Camargo’s greater project breaks ways of looking at landscapes and painting down unto discrete, modest components that ower into a symphonic consonance in their accumulation. e use of the word symphonic is not accidental; the burgeoning Capsula series makes viewers aware of composition, construction, dynamics, and scale to a heightened degree. e rigorous yet intuitive ambition of the Capsulas, combined with the sense of play, make the project a welcome extension of how painting can portray the world, ourselves, and how one perceives the other.
By Sérgio Martins [Published in Artforum in 2012]
Given that Gisele Camargo’s career began in the context of 1990s Rio de Janeiro, her urban typology—for example, deadpan painterly fragments of window views or rear facades—is both characteristic of the renewed attention devoted to the city by artists of her generation, such as Ronald Duarte, Alexandre Vogler, and Romano, and strikingly at odds with the widespread presumption that the medium of painting cannot address the urgent contradictions of life in Rio. But while the practice of urban intervention eventually crystallized into yet another artistic orthodoxy, the distance that Camargo’s paintings maintain from a direct engagement with the hustle-bustle of the streets has actually helped hone her work’s persistent critical edge.
Camargo has cultivated a form and a artistic autonomy, but not in the modernist sense of the world. The geometry of her architectural structures is blatantly indifferent to metaphysical reaffirmations of either the grid or the picture plane. Instead, the bulky polyhedrons and incongruent vanishing points in her paintings can be likened to the unsettling geometric landscapes that Robert Smithson so much admired in Lorenz Stoer’s Mannerist woodcuts, in that they frustrate the viewer’s search for a unifying perspective or privileged vantage point. In her recent exhibition “Falsa Espera” (False Wait), Camargo hung her paintings in a single, uninterrupted line at eye level, like a horizon line dysfunctionally operating as a film strip. Instead of grounding one’s spatial orientation, the line-which was 125 feet long and sixteen inches wide, except for a few parts where it widened-created a temporal sequence, contracting the various geometric objects into a hasty succession of shapes and textures. As the line finally reached the back wall and turned to face us from a distance, the paintings themselves seemed to broaden and offer a calmer view before disappearing behind the protruding right wall.
Traversing this lineup, the eye could not rest for long in any single panel. In part, this was because the painted forms bear no structural relation to the shape or limits of the panels; their framing seems somewhat arbitrary. It’s not that the panels are awkwardly composed, but that they actively aim to dispel any sense of spatial self-sufficiency so as to invite us to notice similar surfaces and textures across the sequence. Everything seems slightly out of place, but this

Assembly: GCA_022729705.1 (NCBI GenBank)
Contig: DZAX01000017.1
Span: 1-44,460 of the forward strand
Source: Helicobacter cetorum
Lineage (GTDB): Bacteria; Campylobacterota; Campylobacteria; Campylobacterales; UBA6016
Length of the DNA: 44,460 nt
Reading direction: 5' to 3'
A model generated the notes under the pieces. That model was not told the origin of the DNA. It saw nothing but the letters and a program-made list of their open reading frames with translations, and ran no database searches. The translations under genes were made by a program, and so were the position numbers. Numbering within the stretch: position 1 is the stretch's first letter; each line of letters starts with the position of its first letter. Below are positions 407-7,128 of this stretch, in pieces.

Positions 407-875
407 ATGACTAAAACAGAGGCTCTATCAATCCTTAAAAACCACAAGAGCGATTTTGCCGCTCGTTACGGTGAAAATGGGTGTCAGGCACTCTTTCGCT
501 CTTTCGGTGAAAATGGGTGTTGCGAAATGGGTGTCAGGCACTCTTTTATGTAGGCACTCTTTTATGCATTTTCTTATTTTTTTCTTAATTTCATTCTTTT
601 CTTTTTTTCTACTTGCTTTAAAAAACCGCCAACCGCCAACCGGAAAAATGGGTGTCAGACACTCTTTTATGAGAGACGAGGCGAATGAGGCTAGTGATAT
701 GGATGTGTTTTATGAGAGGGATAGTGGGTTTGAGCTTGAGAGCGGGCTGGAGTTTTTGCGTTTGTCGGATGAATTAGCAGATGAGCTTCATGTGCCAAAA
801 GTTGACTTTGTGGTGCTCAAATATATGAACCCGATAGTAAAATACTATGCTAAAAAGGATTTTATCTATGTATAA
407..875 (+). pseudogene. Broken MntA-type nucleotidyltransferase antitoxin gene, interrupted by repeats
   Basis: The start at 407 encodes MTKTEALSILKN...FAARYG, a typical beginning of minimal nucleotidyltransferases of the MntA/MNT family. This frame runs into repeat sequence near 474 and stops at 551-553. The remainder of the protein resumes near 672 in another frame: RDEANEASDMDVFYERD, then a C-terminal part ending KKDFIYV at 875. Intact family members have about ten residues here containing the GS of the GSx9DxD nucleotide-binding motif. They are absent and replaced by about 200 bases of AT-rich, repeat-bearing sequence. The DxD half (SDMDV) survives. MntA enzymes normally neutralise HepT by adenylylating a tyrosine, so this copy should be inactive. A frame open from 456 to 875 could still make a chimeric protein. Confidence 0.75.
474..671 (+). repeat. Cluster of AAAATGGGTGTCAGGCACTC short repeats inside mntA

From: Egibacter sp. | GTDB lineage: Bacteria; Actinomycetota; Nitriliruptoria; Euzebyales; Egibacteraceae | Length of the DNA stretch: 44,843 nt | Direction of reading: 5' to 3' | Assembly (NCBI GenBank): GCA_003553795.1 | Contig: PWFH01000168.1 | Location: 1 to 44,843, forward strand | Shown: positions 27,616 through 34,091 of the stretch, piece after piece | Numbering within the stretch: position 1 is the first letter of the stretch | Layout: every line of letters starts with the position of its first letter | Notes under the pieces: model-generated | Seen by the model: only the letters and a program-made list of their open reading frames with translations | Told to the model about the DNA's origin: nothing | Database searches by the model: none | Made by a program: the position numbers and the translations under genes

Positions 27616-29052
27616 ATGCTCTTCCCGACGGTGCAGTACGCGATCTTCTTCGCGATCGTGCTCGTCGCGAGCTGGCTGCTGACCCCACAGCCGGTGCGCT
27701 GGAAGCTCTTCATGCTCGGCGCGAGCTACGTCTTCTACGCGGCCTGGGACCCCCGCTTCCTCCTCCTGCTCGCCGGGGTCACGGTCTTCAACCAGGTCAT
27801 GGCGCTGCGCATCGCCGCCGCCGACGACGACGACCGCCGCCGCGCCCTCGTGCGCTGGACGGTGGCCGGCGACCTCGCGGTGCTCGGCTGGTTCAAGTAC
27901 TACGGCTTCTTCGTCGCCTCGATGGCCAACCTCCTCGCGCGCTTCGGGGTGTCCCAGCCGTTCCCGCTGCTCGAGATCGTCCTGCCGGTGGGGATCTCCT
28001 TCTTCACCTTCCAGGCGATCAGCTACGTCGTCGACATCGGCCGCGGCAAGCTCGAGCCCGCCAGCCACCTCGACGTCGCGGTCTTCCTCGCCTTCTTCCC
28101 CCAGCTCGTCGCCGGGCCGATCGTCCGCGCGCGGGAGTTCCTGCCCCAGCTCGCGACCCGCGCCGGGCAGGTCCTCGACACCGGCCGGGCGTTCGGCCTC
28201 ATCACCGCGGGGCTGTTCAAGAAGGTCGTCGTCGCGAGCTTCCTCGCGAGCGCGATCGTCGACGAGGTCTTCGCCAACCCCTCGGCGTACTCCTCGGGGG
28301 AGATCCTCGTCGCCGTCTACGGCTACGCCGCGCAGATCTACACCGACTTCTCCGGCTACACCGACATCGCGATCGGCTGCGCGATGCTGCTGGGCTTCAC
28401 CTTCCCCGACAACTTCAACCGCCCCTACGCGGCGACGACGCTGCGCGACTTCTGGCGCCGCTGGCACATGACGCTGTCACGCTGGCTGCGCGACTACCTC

perception sparks a rhythmic relay in which the objects become so many variations of the same, uncannily familiar setting. Camargo’s austere palette is crucial in this respect. A similar silver surface or a white impasto may play one role in a given panel and a very different one elsewhere (standing for water in one scene and sky in another, for example), but repetition nevertheless pulls those different moments together.
There is a fundamental link between Camargo’s cinematic articulation of fragmentary scenes and her commitment to landscape painting. The latter is a charged subject in Rio, whose emblematic vistas have been ideologically mobilized ever since the 1920s in representations of the city as a whole. In this sense, the artist’s fleeting painterly stills of anonymous terraces, rooftops, chimneys, and rain gutters-images not of famous sights but of the rather melancholic views one gets from the back windows of high-rise apartment blocks-position her work critically against the backdrop of the city’s aggressive process of self-branding over the last decade or so, as it has pushed to compete for tourism and mega-events. There may be no ideal viewpoint for Camargo’s geometries, but this ambiguity is what tells us that there is still something unexpected to be seen, even in painting.
– Graduated in Painting, School of Fine Arts, EBA – UFRJ, Rio de Janeiro, Brazil.
– Course in Contemporary Philosophy in Gilles Deleuze – Prof. Cláudio Ulpiano
– School of Visual Arts of Parque Lage, Rio de Janeiro, Brazil.
-“Cápsulas e Luas”, Paço Imperial, Rio de Janeiro, Brazil (Part of the Art and Patrimony IPHAN Prize)
-“Noite Americana ou Luas Invisíveis”, Luciana Caravello Arte Contemporânea, Rio de Janeiro, Brazil
– “Falsa Espera”, Galeria Oscar Cruz, São Paulo, Brazil
– “Metrópole”, Galeria Mercedes Viegas, Rio de Janeiro, Brazil
– “A Capital”, Galeria IBEU, Rio de Janeiro, Brazil
– “Panavison”, Amarelonegro Arte Contemporânea, Rio de Janeiro, Brazil
– Projéteis Prize for Contemporary Arts, FUNARTE, Palácio Gustavo Capanema, Galeria Mezanino, Rio de Janeiro, Brazil